Microsoft has selected Intel Stratix 10 FPGAs as a key hardware accelerator in its new accelerated deep learning platform, code-named Project Brainwave.
The FPGA-based accelerated deep learning platform is capable of delivering “realtime AI”, which will allow cloud infrastructure to process and transmit data as fast as it comes in, with ultralow latency.
In the cloud, delivering real-time AI is becoming more important as systems are required to process live data streams, including video, sensors or search queries, and rapidly deliver the data back to users.
Microsoft was the first major cloud service provider to deploy FPGAs in its public cloud infrastructure and the technology advancements it has demonstrated with Intel Stratix 10 FPGAs enable the acceleration of deep neural networks (DNNs) that replicate “thinking” in a manner that is conceptually similar to that of the human brain.
AI is a rapidly evolving field that requires multiple technologies to efficiently manage various workload requirements. Intel offers a broad set of technologies to enable the market’s evolution, including Intel Xeon processors, Intel FPGAs and Intel Nervana ASIC technology.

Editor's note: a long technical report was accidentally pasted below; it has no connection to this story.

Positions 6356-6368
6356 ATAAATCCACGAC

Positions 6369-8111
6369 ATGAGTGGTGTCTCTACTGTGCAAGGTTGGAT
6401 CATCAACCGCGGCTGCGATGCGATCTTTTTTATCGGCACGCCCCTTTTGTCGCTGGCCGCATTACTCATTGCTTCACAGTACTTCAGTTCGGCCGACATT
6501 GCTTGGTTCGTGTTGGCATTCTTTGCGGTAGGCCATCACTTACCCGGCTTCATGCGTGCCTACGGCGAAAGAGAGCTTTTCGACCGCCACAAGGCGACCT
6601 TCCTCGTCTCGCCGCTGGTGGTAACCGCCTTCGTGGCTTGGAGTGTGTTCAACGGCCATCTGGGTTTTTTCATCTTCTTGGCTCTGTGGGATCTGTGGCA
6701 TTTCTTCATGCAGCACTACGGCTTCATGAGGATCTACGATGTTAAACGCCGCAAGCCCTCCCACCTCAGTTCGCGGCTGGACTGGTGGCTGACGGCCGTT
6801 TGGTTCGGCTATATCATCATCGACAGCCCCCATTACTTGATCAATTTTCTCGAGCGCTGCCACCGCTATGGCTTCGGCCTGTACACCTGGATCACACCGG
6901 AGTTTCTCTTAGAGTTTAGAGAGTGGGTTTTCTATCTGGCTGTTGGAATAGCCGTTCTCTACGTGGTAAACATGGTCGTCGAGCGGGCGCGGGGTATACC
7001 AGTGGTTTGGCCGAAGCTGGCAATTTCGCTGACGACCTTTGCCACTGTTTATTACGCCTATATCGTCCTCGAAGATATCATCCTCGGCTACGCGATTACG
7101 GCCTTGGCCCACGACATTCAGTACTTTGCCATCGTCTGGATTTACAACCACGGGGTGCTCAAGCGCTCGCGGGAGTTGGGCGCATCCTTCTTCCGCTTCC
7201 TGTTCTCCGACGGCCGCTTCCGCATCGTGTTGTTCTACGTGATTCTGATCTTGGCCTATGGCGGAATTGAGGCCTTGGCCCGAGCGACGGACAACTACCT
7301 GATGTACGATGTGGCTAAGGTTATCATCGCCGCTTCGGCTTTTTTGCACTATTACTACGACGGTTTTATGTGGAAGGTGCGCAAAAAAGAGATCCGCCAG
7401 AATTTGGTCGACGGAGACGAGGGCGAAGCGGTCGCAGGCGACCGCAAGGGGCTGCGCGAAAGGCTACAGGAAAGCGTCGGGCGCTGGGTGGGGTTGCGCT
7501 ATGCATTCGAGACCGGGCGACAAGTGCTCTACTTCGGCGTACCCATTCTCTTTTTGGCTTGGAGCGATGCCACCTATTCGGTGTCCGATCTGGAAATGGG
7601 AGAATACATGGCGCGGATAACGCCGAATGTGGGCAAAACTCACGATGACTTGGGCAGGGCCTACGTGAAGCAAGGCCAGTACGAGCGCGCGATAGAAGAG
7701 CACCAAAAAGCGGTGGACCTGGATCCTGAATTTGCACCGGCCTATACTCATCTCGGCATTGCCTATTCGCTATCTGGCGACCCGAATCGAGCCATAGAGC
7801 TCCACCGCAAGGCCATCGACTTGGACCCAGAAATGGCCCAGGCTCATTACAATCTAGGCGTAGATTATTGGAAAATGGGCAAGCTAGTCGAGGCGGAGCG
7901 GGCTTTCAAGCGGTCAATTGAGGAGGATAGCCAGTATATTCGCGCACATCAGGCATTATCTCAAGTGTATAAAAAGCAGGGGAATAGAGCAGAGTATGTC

Compared to dedicated deep learning hardware accelerators that are optimised to run a single workload, the flexibility of Intel FPGAs enable users to customize the hardware to meet specific workload requirements, and reconfigure the hardware rapidly as deep learning workloads and use models change. Intel Stratix 10 FPGAs combine hardened processor blocks that deliver high levels of sustained performance and efficiency, with a programmable fabric for user customization.
Many silicon AI accelerators today require grouping multiple requests together (called “batching”) to achieve high performance. Project Brainwave, leveraging the Intel Stratix 10 technology, demonstrated over 39 teraflops of achieved performance on a single request, setting a new standard in the cloud for realtime AI computation.
Stratix 10 FPGAs sets a new level of cloud performance for realtime AI computation, with record low latency, record performance and batch-free execution of AI requests.
“We exploit the flexibility of Intel FPGAs to incorporate new innovations rapidly, while offering performance comparable to, or greater than, many ASIC-based deep learning processing units,” says Doug Burger, distinguished engineer at Microsoft Research NExT.
Microsoft is currently working to deploy Project Brainwave in the Azure cloud so that customers eventually can run complex deep learning models at record-setting performance.